Volokh seems to agree with me on the issue of legislating morality (or what people call that, anyway). His fundamental claim:
... religious people are entitled to try to enact their moral views (which stem from their religious views) into law, just as secular people are entitled to try to enact their moral views (which stem from their secular, but generally equally unprovable, moral axioms) into law.
Update: A Physicist's Perspective has more.
In his response to a nut who thinks people want to outlaw being homosexual (which Volokh noticeably avoids commenting on), he argues that even views that we almost all agree on just involve appeal to some moral intuition, and the cases where we disagree stem from genuine moral disagreements on the level of intuitions. It's helpful to see how this is done in specific cases, and he explains how it goes for quite a few issues.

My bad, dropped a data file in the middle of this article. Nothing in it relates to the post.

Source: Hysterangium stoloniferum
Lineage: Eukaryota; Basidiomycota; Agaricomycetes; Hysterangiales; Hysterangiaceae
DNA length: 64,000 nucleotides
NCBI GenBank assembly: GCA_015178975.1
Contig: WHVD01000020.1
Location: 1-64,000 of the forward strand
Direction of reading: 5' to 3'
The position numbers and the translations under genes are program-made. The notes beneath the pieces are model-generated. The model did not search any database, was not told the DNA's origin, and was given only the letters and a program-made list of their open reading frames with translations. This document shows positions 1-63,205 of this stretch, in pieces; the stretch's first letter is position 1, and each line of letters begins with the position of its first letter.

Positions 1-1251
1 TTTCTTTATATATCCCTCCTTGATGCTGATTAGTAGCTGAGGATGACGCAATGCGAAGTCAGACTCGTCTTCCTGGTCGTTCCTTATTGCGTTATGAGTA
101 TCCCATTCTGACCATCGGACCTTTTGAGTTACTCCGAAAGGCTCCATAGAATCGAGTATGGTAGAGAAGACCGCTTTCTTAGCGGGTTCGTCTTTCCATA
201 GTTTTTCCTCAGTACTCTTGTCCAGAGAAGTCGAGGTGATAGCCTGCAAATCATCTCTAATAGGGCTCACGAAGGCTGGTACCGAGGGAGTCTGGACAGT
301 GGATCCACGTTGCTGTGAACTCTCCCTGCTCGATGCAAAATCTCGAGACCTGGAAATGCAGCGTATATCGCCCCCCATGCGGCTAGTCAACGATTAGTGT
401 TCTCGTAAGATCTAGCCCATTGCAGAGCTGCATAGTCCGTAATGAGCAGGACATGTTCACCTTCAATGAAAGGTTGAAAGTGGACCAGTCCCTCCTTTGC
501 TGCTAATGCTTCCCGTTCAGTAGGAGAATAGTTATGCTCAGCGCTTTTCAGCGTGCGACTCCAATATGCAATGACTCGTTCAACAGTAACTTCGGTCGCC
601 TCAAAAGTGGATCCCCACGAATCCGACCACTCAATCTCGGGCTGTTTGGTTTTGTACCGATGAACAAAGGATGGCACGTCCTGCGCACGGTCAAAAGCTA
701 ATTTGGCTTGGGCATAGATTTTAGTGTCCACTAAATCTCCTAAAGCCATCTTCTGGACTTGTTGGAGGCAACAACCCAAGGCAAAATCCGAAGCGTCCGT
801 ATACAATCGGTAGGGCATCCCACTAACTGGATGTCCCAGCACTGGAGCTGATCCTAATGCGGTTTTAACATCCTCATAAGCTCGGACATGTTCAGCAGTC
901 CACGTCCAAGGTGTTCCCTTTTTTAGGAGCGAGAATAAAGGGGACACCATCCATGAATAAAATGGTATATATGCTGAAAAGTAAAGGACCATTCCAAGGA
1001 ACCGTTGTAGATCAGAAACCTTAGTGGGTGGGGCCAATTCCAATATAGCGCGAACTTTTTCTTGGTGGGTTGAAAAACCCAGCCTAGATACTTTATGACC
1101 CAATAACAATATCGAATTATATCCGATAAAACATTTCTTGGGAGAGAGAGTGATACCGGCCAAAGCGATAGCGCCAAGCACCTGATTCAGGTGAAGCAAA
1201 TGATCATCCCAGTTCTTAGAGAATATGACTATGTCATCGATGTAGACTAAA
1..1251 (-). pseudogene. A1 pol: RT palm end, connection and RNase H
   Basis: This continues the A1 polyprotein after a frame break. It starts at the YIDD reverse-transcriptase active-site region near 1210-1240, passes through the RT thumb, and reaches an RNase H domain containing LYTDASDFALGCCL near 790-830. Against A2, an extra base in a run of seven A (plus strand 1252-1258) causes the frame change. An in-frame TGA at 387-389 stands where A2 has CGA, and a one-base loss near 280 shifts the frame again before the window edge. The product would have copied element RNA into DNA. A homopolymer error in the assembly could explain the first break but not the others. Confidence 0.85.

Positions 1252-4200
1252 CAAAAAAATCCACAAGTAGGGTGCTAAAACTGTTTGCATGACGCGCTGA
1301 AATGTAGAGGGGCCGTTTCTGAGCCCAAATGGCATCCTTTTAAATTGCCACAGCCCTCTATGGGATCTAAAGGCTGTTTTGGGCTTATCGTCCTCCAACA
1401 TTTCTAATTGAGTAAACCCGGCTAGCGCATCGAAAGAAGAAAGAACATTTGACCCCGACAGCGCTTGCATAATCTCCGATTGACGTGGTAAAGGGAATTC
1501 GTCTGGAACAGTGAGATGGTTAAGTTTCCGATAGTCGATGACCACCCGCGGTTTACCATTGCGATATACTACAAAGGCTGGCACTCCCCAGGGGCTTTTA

I think there are other ways to argue against the kind of policy opponents of the religious right hate, but you can't do it in terms of not allowing people to legislate based on morality, not unless you're going to redefine 'morality' as not just ethical reasoning in general but religious motivations with no civil value (of course there will be debate over what has civil value, but that's in the realm of ethics).